17. This Code of Practice, together with the supporting Annexes identifies the specific actions, managerial responsibilities, and recommended retention periods (in line with the 5th principle of the Data Protection Act 1998) for the effective management of all NHS records, from creation, as well as day-to-day use of the record, storage, maintenance and ultimate disposal.
18. All individuals who work for an NHS organisation are responsible for any records, which they create, or use in the performance of their duties. Furthermore, any record that an individual creates is subject to the Public Records (Scotland) Act 1937 (as amended), and the information contained in such records is subject to the Freedom of Information (Scotland) Act 2002 and the Environmental Information (Scotland) Regulations 2004. There is a specific requirement under Regulation 4 of the Act on a public authority to take reasonable steps to organise and keep up to date the environmental information relevant to its functions which it holds and at least the types of information detailed in Reg 4 (2). Annex C contains further information on legal and professional obligations.
Legal and Professional Obligations
19. Another key statutory requirement for compliance with records management principles is the Data Protection Act 1998. It provides a broad framework of general standards that have to be met and considered in conjunction with other legal obligations. The Act regulates the processing of personal data, held manually and on computer. It applies to personal information generally, not just to health records. Therefore the same principles apply to personal data relating to staff, contractors, volunteers, students and other individuals who work in or have dealings with NHS Scotland.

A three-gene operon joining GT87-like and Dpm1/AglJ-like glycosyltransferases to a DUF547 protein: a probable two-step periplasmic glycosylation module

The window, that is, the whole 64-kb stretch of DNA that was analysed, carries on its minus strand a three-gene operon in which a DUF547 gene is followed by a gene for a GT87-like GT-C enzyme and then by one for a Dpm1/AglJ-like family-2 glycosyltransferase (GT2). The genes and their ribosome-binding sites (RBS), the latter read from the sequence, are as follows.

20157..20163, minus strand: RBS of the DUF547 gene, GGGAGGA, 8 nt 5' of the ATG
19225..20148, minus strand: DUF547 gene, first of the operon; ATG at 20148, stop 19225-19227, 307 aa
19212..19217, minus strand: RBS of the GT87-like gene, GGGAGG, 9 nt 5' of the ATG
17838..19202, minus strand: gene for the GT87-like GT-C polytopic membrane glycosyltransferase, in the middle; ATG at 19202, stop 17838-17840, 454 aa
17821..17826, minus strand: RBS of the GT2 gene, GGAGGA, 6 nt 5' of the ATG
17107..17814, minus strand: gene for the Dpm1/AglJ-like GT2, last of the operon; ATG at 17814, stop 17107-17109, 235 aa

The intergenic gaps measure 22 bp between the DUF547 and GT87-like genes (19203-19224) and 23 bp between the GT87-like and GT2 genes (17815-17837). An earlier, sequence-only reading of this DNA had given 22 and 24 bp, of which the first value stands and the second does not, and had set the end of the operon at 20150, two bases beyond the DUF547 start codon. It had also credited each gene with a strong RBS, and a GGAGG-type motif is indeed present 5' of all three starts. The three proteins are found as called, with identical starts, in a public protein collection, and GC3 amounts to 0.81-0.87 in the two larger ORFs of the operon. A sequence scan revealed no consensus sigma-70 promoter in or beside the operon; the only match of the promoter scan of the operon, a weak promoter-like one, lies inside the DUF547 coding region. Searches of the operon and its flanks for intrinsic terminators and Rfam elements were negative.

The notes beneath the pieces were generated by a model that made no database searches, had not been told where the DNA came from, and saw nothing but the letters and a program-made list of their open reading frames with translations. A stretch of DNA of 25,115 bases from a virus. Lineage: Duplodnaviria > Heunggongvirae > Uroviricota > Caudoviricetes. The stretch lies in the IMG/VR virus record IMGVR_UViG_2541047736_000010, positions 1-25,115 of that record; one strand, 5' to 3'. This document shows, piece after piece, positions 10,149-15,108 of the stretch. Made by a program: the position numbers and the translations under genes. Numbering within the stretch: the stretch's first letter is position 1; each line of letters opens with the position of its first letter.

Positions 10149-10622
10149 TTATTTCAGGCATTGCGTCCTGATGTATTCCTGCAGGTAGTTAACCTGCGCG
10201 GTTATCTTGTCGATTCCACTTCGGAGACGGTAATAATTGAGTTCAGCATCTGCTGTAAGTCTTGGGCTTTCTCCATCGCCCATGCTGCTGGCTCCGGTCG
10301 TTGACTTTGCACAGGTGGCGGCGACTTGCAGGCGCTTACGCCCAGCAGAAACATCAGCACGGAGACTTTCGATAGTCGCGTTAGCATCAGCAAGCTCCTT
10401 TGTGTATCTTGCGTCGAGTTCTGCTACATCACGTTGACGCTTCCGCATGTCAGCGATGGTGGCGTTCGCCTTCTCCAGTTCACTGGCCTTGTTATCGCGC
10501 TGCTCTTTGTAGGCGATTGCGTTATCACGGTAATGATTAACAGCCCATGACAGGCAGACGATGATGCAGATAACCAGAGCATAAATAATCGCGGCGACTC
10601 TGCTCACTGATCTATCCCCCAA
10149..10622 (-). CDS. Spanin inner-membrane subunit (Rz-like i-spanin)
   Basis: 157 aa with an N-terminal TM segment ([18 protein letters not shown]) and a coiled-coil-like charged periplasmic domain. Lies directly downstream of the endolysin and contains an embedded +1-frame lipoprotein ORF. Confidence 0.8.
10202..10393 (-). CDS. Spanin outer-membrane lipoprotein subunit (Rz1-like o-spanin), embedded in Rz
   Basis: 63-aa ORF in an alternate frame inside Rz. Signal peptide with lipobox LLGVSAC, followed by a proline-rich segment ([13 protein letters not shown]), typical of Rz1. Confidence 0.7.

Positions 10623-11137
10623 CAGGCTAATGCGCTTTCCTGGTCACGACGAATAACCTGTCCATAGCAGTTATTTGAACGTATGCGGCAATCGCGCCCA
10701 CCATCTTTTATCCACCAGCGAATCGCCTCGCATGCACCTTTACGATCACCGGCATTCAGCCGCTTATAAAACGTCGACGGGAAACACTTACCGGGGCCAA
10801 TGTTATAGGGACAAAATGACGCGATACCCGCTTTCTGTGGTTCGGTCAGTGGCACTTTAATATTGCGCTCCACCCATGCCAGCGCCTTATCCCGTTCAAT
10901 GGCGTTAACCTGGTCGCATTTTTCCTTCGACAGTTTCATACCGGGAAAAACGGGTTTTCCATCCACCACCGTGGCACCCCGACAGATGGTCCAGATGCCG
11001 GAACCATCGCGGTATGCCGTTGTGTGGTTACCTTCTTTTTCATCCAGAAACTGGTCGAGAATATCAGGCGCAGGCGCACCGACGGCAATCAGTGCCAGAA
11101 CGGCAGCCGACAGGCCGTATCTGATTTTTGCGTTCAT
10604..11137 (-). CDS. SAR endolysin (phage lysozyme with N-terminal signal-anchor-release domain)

20. Personal data is defined as data relating to a living individual that enables him/her to be identified either from that data alone or from that data in conjunction with other information in the data controller's possession. It therefore includes such items of information as name, address, age, race, religion, gender and physical, mental or sexual health.
21. Processing includes everything done with that information, i.e. holding, obtaining, recording, using, disclosure, sharing, disposal, transfer or destruction.
More information on the application of the Data Protection Act is contained in Annex C
22. Other legislation relating to personal and corporate information and the records management function generally can also be found in Annex C. Additionally, clinicians are under a duty to meet record keeping standards set by their regulatory and professional bodies.
NHS Scotland eHealth Strategy
23. The eHealth programme aims to ensure a complete health record is available at the point of need in NHS Scotland. The success of this will depend on many factors, and good records management will be essential to ensure paper and electronic records are managed consistently. Further information is available here
Social Care Records
24. Social Care Records Management is outside the scope of this Code of Practice. However, the Scottish Government Transformational Technologies Division has developed joint national data standards for use in eCARE. The increase in joint working from this initiative means that although outwith scope this Code of Practice is generally applicable to all organisations, and colleagues from social care organisations are encouraged to adopt similar standards of practice.